The liberation of Kashgar (1818–28) by Jahangir Khoja was preceded by the rape of a Muslim girl by another Manchu official, Binjing. Such rape of Muslim women by Manchu officials became quite common, enraging many Muslims. The Qing dynasty sought to cover up the rape of Uyghur women by Manchus to prevent anger against their rule from spreading among the Uyghurs.
The Manchu official Shuxing’a started an anti-Muslim massacre which led to the Panthay rebellion, which occurred in Yunnan province from 1855 to 1873, and the Dungan revolt, which occurred mostly in Xinjiang, Shensi and Gansu, from 1862 to 1877. He ordered several Muslim rebels to be sliced to death in a slow and painful way. The Manchu government ordered the execution of all rebels, killing a million people in the Panthay rebellion and several million in the Dungan revolt.
During the waning years of the Quing dynasty, some Muslim generals like Ma Qianling and Ma Fuxiang played important roles to strengthen the Sinicization of the conquered territories. The Hui Muslim 36th Division (National Revolutionary Army) governed southern Xinjiang in 1934–37. A Muslim army called the Kansu Braves led by General Dong Fuxiang fought for the Qing dynasty against the foreigners during the Boxer Rebellion (1899–1901). They included well known generals like Ma Anliang, Ma Fulu, and Ma Fuxiang.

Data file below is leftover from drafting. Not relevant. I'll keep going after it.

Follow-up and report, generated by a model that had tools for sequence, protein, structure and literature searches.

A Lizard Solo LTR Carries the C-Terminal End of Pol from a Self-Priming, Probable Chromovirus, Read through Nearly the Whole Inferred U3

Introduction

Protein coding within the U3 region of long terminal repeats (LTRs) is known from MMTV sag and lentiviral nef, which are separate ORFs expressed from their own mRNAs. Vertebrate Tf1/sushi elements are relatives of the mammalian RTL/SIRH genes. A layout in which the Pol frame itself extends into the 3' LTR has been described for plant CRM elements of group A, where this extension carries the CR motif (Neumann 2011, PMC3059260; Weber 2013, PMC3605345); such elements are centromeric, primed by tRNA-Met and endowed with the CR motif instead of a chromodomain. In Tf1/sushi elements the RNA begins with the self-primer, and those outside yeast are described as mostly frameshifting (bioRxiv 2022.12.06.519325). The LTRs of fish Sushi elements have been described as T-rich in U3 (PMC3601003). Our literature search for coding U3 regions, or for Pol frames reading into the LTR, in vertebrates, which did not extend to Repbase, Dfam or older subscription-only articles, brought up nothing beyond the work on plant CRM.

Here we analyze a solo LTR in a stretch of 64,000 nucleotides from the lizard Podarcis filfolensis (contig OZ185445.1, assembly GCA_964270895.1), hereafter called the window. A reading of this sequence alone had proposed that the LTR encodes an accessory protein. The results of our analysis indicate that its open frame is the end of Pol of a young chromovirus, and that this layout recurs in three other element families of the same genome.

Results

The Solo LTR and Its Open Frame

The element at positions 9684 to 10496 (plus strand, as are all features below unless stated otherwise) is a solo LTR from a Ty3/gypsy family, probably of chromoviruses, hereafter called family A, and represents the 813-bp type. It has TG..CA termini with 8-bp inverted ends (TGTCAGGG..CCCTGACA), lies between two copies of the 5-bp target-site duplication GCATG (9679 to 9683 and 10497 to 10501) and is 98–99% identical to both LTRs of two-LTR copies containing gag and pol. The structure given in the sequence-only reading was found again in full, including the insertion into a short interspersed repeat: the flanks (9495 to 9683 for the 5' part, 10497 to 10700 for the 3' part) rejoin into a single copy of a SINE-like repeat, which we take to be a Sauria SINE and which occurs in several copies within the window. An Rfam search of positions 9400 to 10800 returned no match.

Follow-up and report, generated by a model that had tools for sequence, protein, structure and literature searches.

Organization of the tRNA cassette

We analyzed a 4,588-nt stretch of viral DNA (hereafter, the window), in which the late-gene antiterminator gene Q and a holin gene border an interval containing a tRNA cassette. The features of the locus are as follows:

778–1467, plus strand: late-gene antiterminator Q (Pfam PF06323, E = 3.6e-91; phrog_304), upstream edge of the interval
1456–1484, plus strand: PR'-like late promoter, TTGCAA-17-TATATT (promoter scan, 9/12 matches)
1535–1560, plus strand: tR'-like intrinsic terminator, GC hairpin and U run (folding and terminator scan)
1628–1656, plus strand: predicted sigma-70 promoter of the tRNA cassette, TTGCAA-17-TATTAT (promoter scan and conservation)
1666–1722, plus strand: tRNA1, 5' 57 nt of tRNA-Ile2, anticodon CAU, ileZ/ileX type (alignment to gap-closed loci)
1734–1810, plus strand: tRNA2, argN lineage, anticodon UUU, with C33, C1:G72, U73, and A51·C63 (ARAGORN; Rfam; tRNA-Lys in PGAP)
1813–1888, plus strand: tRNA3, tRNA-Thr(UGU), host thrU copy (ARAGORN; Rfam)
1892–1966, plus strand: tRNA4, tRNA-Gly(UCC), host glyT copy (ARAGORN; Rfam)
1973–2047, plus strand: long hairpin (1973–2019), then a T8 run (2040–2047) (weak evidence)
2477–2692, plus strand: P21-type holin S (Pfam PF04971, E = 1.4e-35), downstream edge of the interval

After the fall of the Qing dynasty, Sun Yat-sen, who established the Republic of China on January 1, 1912, immediately proclaimed that the country belonged equally to the Han, Man (Manchu), Meng (Mongol), Hui (Muslim), Tsang (Tibetan) and Miao peoples. Uyghur nationalism become a grave challenge to the post-Qing warlords controlling Xinjiang. Twice, in 1933–34 and 1944–49, the Uyghurs successfully regained their independence for East Turkestan Republic.